Here's a question: Is it alright for Buddhists to watch horror movies?

Do you think watching horror movies could function similarly to corpse meditation, or is watching horror movies always rejoicing in gratification of the sense powers and sense domains?

Obviously, the question could be answered with specific movies that some might know of to make the answer to my question be “not always.” I can think of one, but that movie is subject to censorship because it’s too disturbing. What do you think?

I mean, if you wanted to communicate the insights of such meditation to a North American audience, do you think it could be possible through horror?

IMO, the efficacy of corpse meditation revolves around the realization ‘As this corpse is, so will my body be - it is not any different.’

Meditating on the foulness of the body is designed to reduce one’s delight in the body and to foster equanimity. Its not about creating aversion to the body at all. Feeling ill will towards the body, being horrified and disgusted by it was the fundamental error of the bhikkhus who committed suicide as documented in SN54.9 .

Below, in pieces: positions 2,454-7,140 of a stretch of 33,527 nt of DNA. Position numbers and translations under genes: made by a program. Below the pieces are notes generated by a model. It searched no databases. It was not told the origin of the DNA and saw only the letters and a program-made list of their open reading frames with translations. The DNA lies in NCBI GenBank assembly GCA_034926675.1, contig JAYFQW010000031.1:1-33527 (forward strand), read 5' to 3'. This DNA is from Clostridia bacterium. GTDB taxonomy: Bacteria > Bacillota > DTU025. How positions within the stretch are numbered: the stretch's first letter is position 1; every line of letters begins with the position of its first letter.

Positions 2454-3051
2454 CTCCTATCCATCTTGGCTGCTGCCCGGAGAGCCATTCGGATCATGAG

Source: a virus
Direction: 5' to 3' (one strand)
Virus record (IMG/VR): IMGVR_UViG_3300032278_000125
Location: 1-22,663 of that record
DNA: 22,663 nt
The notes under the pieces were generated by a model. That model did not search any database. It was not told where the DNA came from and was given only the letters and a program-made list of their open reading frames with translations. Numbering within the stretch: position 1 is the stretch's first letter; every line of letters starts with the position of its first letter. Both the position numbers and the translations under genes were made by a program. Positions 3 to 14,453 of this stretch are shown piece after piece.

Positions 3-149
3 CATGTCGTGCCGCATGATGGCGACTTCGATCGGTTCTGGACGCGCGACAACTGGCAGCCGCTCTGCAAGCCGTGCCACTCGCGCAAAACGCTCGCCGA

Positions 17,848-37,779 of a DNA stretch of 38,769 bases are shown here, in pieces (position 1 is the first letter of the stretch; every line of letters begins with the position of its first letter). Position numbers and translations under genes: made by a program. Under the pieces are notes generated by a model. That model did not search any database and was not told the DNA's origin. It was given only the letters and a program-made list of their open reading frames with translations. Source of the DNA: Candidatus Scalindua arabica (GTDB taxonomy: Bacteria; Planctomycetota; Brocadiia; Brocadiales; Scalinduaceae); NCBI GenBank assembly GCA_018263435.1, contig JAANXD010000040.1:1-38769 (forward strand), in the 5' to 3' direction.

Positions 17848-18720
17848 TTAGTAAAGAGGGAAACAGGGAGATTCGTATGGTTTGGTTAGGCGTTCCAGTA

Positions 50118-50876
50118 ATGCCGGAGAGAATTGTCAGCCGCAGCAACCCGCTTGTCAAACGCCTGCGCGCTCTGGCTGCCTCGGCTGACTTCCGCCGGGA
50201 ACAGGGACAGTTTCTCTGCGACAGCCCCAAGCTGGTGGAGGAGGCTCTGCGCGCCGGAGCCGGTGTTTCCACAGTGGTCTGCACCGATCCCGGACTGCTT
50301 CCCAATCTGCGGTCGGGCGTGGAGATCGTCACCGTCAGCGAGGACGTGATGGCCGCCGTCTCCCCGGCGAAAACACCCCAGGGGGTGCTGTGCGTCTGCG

As far as an actor intentionally creating horror and fear in the mind of a viewer is concerned - the Buddha said that such an act was unskillful. (SN42.2)


Great thanks. SN 54 looks like something that could be developed into a horror movie. I’ll keep it in mind.

SN 42 could be the story germ for Akutagawa Ryunosuke’s Hell Screen, Jigokuhen, although his character is an artist, not a dancer, and doesn’t burst into tears in the face of hell, but does pass away shortly after producing it in a very live way in his art. It was already made into a movie. Never seen the movie, but Akutagawa often uses horror elements in his work. Prossibly Bataille, in the West, could be drawn in to the same circle of creative interest.

At any rate, thanks.

When we pass time consuming violence, especially when it’s packaged as entertainment, it touches our minds unbeneficially; and, there are many other — more skilful ways — to practice the various forms of corpse/death/charnel grounds meditations that are more in accordance with the Dhammavinaya.